• Ride hailing start-up Go-Jek is apparently part way through a $1.2 billion funding round. (Deal Street Asia)
  • Shell has applied for an operating licence for the FarePilot app in London. At present it directs drivers for services such as Uber and myTaxi to likely hotspots of customer demand, but does not offer its own service. (City AM)
  • VW announced that it will launch ride hailing and car sharing schemes in Rwanda during 2018. (VW)
  • Chinese electric car sharing start-up Caocao Zhuanche raised $156 million. (China Money Network)
  • Lyft said that it was expanding its concierge service and making it easier for companies to sign up. It is targeted at businesses that want to provide transport for their customers rather than employee travel. (TechCrunch)
  • Singaporean fund BM Mobility is set to buy Malaysian electric car sharing firm UNiRide. (Deal Street Asia)
  • Hyundai invested in Grab; the two companies will partner on electric ride-hailing fleets. (Hyundai)
  • Kia will launch the WiBLE car sharing service in Europe during 2018. (Kia)
  • JLR invested in US ride-hailing start-up Voyage -- a company that previously said it believed fares could be paid for by advertising. (JLR)
  • Following an earlier investment, Didi acquired Brazilian ride hailing firm 99 Taxis in its entirety. (TechCrunch)
  • Former Uber CEO Travis Kalanick is reportedly looking to sell 29% of his stake in the company. (TechCrunch)
  • Chinese carmaker FAW has taken a 10% stake in a new car sharing operation set up by Mobike. (Reuters)
  • Luxury peer-to-peer car rental service Ryde started operations. The company hopes to expand beyond Los Angeles soon. (Ryde)
  • SnagRide, a long distance peer-to-peer ridesharing service, launched an initial coin offering, with hefty bonuses for early subscribers. The company is planning to launch full-scale in Q4 2018. (SnagRide)

2017

December

  • SoftBank said it had successfully closed its tender offer for 15% of Uber. Based on the share sale, Uber is valued at around $48 billion. (TechCrunch)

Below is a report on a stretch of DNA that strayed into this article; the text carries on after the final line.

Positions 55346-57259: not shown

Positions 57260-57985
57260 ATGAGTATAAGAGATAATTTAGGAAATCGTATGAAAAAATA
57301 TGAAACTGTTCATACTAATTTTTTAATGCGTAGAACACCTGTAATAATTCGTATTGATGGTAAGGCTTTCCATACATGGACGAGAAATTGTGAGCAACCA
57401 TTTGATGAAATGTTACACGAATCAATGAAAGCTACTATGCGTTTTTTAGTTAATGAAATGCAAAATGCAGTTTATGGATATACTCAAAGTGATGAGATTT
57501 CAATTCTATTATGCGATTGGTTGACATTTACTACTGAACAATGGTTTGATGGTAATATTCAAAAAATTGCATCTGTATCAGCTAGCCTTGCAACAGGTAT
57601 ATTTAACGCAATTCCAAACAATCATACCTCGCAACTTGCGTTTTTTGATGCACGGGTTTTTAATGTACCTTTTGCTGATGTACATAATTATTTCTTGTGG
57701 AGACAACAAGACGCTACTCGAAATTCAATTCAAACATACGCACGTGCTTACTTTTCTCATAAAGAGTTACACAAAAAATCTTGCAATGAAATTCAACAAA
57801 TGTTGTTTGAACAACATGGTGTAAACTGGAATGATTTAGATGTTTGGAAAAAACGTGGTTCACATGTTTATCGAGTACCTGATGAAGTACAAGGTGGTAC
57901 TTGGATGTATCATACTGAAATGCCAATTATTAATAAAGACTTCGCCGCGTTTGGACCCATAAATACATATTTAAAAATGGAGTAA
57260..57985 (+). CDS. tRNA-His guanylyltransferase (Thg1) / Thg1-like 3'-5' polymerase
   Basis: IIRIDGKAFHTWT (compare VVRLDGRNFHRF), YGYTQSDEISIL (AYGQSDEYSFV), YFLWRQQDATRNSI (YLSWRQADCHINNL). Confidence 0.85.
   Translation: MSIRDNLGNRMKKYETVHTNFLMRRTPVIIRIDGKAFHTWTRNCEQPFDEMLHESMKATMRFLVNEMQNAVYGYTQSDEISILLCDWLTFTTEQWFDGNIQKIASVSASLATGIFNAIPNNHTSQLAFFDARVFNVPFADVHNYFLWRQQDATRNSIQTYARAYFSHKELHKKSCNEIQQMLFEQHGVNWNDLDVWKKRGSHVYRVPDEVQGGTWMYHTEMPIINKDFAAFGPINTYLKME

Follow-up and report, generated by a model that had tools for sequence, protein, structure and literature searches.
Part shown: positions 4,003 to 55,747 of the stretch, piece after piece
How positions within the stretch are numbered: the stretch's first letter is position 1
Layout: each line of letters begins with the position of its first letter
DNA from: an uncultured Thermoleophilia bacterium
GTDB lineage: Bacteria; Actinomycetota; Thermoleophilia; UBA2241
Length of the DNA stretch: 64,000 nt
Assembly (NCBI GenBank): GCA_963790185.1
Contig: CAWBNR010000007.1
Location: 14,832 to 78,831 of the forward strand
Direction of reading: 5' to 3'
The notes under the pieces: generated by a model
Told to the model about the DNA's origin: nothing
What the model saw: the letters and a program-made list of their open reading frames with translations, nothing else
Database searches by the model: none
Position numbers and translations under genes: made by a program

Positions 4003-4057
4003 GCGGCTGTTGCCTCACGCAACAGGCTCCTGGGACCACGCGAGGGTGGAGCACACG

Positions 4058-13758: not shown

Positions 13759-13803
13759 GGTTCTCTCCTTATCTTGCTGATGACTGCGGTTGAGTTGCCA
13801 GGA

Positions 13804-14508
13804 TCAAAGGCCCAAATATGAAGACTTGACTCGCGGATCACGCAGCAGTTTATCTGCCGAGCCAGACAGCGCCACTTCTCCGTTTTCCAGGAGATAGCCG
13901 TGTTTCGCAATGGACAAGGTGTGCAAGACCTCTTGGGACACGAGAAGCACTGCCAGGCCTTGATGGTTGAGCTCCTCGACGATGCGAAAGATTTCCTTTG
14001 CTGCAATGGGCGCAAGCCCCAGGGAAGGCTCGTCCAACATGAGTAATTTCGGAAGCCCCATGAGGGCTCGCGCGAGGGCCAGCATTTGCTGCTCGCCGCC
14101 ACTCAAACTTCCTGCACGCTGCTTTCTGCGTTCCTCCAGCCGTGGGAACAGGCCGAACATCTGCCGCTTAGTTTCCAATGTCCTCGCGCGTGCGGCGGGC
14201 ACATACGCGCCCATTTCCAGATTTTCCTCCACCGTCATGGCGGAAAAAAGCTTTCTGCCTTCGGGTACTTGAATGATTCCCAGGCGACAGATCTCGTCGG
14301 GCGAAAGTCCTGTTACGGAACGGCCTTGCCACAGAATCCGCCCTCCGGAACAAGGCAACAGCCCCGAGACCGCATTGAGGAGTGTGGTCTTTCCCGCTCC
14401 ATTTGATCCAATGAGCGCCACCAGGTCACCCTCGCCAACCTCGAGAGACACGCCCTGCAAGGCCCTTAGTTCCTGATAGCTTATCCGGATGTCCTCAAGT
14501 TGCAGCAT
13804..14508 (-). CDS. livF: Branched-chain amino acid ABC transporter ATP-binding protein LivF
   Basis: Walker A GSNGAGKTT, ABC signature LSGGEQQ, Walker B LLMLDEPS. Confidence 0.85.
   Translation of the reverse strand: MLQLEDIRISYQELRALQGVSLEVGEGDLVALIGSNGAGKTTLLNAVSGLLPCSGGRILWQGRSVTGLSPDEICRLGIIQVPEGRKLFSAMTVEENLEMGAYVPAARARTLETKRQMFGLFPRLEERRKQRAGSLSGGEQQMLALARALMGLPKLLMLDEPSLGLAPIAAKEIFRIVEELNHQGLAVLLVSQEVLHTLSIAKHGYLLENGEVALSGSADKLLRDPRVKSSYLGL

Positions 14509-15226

• Didi Chuxing said that it had raised $4 billion to fund expansion, investments in AI and electric vehicles. (Didi)
  • Uber was declared to be a transport company for regulatory purposes within the EU after it lost a court case. Although it was hailed as a massive blow, the impact on most of Uber’s existing operations is minor. (BBC)
  • Grab launched ride hailing services in Cambodia. (Grab)
  • An article suggested that autonomous vehicles could herald free ride hailing, with users agreeing to visit sponsoring companies to get their trip paid for. (The Atlantic)
  • Uber hired a new COO -- he worked with the recently appointed CEO at their previous employer. (TechCrunch)
  • Uber is selling its leasing business to com, some of the payment will be in Fair.com shares. (Business Insider)
  • Denso announced that it had invested in ride hailing and car sharing fleet management technology provider Ridecell and the two companies would work together to find uses for Denso’s technology in on-demand vehicles. (Ridecell)
  • Electric scooter sharing service Scoot said that it would add “hundreds” of electrically assisted bicycles to its network in San Francisco. (Press Release)